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Could please somebody tell me a real life example where it's convenient to use this factory method rather than others?

newSingleThreadExecutor

public static ExecutorService newSingleThreadExecutor()

Creates an Executor that uses a single worker thread operating off an unbounded queue. (Note however that if this single thread terminates due to a failure during execution prior to shutdown, a new one will take its place if needed to execute subsequent tasks.) Tasks are guaranteed to execute sequentially, and no more than one task will be active at any given time. Unlike the otherwise equivalent newFixedThreadPool(1) the returned executor is guaranteed not to be reconfigurable to use additional threads.

Thanks in advance.

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4 Answers 4

up vote 6 down vote accepted

Could please somebody tell me a real life example where it's convenient to use [the newSingleThreadExecutor() factory method] rather than others?

I assume you are asking about when you use a single-threaded thread-pool as opposed to a fixed or cached thread pool.

I use a single threaded executor when I have many tasks to run but I only want one thread to do it. This is the same as using a fixed thread pool of 1 of course. Often this is because we don't need them to run in parallel, they are background tasks, and we don't want to take too many system resources (CPU, memory, IO).

For example, I have a number of timer tasks that I spring inject. I have two classes of tasks and my "short-run" tasks run in a single thread pool. There is only one thread that executes them all even though there are a couple of hundred in my system. They do routine tasks such as checking for disk space, cleaning up logs, dumping statistics, etc.. For the tasks that are time critical, I run in a cached thread pool.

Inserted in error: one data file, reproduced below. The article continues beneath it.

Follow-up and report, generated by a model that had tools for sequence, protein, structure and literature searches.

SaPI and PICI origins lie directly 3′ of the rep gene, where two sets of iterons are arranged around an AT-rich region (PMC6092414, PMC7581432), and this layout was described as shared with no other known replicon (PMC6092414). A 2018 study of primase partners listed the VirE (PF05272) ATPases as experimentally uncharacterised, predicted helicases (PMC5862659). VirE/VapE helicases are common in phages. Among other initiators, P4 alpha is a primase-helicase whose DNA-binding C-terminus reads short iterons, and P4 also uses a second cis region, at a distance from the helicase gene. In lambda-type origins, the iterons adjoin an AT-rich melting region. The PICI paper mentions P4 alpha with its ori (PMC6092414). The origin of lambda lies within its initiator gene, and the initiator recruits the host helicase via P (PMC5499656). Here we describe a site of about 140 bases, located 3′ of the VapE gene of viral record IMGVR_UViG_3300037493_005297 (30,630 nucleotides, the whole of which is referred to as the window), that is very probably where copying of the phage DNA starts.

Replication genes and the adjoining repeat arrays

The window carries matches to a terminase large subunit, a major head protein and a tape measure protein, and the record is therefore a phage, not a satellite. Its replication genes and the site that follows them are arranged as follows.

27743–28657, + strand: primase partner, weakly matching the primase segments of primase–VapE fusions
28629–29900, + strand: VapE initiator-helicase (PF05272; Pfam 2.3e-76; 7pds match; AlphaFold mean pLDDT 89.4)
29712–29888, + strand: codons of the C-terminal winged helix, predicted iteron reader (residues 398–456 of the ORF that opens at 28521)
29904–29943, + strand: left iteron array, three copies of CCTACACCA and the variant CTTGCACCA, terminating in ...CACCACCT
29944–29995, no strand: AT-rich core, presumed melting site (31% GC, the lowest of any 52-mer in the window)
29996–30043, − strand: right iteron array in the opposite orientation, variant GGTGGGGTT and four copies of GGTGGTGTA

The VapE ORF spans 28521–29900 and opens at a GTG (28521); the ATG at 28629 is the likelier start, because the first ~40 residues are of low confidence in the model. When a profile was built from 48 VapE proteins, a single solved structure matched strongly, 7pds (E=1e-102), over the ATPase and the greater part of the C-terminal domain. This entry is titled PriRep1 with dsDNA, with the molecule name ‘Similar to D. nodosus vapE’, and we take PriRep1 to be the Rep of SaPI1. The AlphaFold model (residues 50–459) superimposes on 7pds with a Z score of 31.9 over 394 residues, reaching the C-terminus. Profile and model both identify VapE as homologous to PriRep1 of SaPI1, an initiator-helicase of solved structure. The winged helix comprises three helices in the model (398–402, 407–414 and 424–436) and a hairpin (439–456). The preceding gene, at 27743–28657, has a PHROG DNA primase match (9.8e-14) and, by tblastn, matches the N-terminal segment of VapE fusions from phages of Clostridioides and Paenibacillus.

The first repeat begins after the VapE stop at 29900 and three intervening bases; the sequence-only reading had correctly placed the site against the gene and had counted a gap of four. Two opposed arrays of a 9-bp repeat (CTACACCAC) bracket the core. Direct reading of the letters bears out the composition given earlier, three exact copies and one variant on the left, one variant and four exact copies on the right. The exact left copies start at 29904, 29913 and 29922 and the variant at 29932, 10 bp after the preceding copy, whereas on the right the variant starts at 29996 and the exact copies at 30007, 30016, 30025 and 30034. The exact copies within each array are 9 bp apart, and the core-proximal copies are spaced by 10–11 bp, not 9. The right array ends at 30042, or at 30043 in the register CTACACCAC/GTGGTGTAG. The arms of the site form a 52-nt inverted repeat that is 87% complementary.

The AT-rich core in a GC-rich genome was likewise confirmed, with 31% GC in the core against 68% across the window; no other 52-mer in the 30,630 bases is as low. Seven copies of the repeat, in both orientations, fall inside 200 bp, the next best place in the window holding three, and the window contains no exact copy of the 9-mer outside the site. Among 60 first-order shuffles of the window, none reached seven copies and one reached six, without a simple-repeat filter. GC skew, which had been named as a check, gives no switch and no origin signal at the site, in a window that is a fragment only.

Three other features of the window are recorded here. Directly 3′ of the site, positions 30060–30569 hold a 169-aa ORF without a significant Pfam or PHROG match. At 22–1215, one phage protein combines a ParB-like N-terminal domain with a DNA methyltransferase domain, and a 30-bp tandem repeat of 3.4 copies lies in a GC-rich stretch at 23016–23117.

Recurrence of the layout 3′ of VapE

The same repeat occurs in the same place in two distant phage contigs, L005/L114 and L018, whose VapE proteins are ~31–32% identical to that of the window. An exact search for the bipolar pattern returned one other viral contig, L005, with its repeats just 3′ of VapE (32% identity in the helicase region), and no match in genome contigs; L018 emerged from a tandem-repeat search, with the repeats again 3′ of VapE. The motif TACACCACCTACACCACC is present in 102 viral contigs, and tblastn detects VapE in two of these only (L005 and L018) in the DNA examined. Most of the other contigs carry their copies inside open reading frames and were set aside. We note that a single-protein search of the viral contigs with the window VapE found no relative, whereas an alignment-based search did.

Another example is that we have a series of partner integration tasks. They don't take very long and they run rather infrequently and we don't want them to compete with other system threads so they run in a single threaded executor.

A third example would be that we have a finite state machine where each of the state mutators takes the job from one state to another and is registered as a Runnable in a single thread-pool. Even though we have hundreds of mutators, only one task is valid at any one point in time so it makes no sense to allocate more than one thread for the task.

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why would you want only one thread to do it? –  Rollerball May 29 '13 at 13:02
1  
Because we don't want them to run in parallel and consume too many CPU resources @Rollerball. I've added another example which shows that. –  Gray May 29 '13 at 13:02
    
Thanks very clear indeed. –  Rollerball May 29 '13 at 13:07

The difference between Executors.newSingleThreadExecutor() and Executors.newFixedThreadPool(1) is small but can be helpful when designing a library API. If you expose the returned ExecutorService to users of your library and the library works correctly only when the executor uses a single thread (tasks are not thread safe), it is preferable to use Executors.newSingleThreadExecutor(). Otherwise the user of your library could break it by doing this:

ExecutorService e = myLibrary.getBackgroundTaskExecutor();
((ThreadPoolExecutor)e).setCorePoolSize(10);

, which is not possible for Executors.newSingleThreadExecutor().

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Apart from the reasons already mentioned, you would want to use a single threaded executor when you want ordering guarantees, i.e you need to make sure that whatever tasks are being submitted will always happen in the order they were submitted.

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It is helpful when you need a lightweight service which only makes it convenient to defer task execution, and you want to ensure only one thread is used for the job.

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